In the 1999 movie Payback, the main character is a criminal who’s hellbent on recovering the $70,000 that was boosted from him during another heist. “Porter,” played by Mel Gibson, quickly learns that the money was turned over to a powerful crime syndicate. Now he has to climb through its ranks, demanding what he’s due from lieutenant after lieutenant.
There’s a great exchange between Porter and one of the syndicate underbosses, “Carter,” played by William Devane. After Porter pummels his two bodyguards, Carter tells him to sit down. Then he says he’s not authorized to make the decision to return the 70k. The dialogue continues:
Porter: “Who is? Who makes the decision?”
Carter: “Well, a committee would make the decision in this case.”
Porter: “No. No. One man. You go high enough you always come to one man. Who?”
After that, Carter nods in agreement and calls the real boss. Porter tells the boss to pay him or he’ll kill Carter. Then he kills Carter. And the rest of the movie is Porter chasing after the kingpin.
That “one man” line always stuck with me. And even though the immediate application in the film was to a crime ring, there’s often a president, CEO or Chairman of the Board who makes big decisions in legit corporations.
But the times that I’m reminded of that line most are when I’m watching national politics. This might seem counterintuitive since our powers are separated into three branches, and only one is the “one man” (or woman) chief executive.
Yet if we look deeper, we see that many of the big decisions that are made in the judicial and legislative branches often come down to one individual.
Take a look at the nine Supreme Court and its nine associate justices. Nine people. Yet on so many big issues, it comes down to one person. In recent years, prior to his retirement from the Court, Anthony Kennedy was the swing vote in hugely consequential cases that decided all kinds of legislation, including the 2000 presidential election, the Trump travel ban, marriage equality, overhaul of the Voting Rights Act of 1965, the legalization of corporate contributions to political campaigns, regulations on handguns and many others.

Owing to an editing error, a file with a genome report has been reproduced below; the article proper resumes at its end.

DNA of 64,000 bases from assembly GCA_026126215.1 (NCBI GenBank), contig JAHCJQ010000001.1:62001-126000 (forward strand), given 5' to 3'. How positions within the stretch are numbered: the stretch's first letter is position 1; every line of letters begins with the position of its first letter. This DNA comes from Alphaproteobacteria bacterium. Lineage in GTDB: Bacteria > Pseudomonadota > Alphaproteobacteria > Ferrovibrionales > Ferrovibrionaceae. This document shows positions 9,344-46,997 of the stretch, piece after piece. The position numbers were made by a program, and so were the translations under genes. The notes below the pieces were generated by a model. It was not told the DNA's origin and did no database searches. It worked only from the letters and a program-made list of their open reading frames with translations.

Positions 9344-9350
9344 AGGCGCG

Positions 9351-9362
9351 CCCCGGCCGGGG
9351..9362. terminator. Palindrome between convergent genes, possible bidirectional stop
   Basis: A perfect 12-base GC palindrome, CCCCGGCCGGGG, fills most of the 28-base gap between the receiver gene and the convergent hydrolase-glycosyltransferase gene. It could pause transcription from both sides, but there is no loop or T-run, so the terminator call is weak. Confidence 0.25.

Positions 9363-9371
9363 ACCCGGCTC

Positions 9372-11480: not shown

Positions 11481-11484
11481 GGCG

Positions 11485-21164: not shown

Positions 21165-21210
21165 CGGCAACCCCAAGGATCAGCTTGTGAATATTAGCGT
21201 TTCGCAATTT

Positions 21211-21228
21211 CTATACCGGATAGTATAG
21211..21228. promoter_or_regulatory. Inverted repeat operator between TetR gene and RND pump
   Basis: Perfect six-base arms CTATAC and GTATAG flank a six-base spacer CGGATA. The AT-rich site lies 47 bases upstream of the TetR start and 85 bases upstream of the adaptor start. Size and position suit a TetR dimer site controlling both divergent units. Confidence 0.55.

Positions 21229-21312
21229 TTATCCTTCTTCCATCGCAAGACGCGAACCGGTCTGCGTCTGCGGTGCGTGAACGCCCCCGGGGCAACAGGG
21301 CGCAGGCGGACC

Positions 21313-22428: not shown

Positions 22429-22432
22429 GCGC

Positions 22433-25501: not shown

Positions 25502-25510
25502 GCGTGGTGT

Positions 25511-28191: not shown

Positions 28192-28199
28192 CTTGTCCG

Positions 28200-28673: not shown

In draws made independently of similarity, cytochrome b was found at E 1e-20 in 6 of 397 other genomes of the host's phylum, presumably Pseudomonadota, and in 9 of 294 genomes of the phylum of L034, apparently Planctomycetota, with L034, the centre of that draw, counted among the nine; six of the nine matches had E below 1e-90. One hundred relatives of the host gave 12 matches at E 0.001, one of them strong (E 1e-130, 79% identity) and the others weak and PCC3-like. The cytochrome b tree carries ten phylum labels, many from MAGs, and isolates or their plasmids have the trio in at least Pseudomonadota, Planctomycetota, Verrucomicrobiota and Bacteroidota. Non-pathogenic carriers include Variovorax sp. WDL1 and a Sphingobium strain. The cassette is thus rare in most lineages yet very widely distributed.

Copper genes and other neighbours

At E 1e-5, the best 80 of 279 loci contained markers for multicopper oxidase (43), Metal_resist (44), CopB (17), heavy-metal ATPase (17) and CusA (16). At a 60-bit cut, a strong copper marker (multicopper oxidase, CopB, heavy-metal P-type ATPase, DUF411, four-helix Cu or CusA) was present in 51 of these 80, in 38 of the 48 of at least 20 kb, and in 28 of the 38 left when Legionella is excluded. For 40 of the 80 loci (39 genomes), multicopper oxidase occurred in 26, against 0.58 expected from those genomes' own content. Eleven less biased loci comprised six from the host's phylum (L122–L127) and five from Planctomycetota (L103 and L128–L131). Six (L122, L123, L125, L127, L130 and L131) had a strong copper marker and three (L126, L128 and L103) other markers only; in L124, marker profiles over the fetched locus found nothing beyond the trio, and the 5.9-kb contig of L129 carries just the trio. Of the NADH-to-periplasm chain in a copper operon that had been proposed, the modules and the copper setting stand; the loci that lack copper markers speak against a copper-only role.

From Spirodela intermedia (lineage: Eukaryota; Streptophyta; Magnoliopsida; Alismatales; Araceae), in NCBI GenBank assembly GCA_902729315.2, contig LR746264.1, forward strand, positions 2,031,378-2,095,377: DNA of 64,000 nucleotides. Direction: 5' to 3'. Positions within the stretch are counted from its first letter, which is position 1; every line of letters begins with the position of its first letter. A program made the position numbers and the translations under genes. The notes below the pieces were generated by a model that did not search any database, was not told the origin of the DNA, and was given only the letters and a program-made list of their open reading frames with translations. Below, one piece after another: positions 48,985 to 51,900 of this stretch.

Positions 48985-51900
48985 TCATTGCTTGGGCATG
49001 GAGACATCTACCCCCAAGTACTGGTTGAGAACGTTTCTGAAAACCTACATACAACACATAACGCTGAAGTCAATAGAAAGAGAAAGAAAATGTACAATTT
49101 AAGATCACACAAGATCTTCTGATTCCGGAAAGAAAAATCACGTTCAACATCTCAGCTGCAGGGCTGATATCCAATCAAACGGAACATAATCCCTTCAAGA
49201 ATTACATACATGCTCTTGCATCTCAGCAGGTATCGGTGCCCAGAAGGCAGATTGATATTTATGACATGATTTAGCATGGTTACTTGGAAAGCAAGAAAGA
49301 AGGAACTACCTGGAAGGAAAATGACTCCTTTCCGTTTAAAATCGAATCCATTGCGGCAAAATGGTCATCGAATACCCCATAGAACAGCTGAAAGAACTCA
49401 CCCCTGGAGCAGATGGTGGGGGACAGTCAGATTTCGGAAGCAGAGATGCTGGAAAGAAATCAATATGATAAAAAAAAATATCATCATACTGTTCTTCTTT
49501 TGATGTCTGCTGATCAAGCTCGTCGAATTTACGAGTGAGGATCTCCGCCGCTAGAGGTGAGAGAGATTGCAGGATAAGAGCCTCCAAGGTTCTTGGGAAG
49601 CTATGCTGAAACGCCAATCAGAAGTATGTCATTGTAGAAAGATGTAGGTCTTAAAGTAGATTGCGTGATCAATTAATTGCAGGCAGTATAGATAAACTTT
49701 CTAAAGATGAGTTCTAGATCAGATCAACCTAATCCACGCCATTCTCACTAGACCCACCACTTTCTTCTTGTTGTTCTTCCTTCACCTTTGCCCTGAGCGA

With 435 members of the US House and 100 members of the US Senate, you might think that the “one man” concept wouldn’t apply so much on Capitol Hill. Y’know, majority vote and all. Yet the Speaker of the House and Senate Majority Leader have vast powers that they can exercise unilaterally if they choose to. And they choose to plenty.
In the recent impeachment proceedings in the House, Speaker Pelosi could have taken the more traditional route in calling for a full vote to authorize the impeachment inquiry that commenced last October. She chose not to, and her opponents in the Senate have criticized this decision during the trial. Known as a master strategist, the Speaker knew this was coming. She made the decision anyway – and had the power to do so all alone.
In the impeachment trial that has played out in the Senate over the last two weeks, we’ve seen the enormous power that the Majority Leader holds over how proceedings are structured. In both the House and the Senate, the members of the majority vest a huge amount of trust when they elect their leaders at the beginning of each congressional session.
Of course, on every piece of legislation that the leaders choose to bring to the floor, every member has the power to cast their votes on behalf of their district or state. Yet plenty of big votes still come down to that one man or woman. One of the most high profile in recent years was the vote on healthcare cast by Senator John McCain in 2017. Not only did McCain vote against legislation proposed by his own party – it had the effect of protecting the Affordable Care Act that was signed into law by the very president he had lost an election to in 2008!
Now back to the future, and the question before the Senate right now on whether or not to permit witnesses to testify in the Trump Impeachment Trial. We are getting close to the vote, and while the GOP will need 51 votes to shut down witness appearances, this, too, looks to really be coming down to one vote.
While they are not certain “yes’s” – Republican Senators Murkowski, Romney and Collins look like they’re leaning that way. If they do vote yes, joining 47 Democrats, only one more vote will be required.
The remaining question mark in this equation is Senator Lamar Alexander of Tennessee. It all might come down to him.
Alexander is known as an independent thinker, which might bode well for the Democrats. But he is also described as the closest person in the Senate to Mitch McConnell – by McConnell himself.
Alexander doesn’t need to worry about reelection the way Murkowski, Romney and Collins have to. Some believe he may be thinking about his historical legacy – and that may trump his loyalty to McConnell.
Even if Alexander votes against, and it’s split 50-50, there’s still the possibility that Chief Justice John Roberts will decide to use his discretion to break the tie. One individual.
These big votes are often a guessing game. More like a parlor game. But it is amazing that in a country of 330 million people, who are the mercy of 536 federally elected officeholders – and nine Supreme Court Justices – our fate is so frequently decided by that “one man.”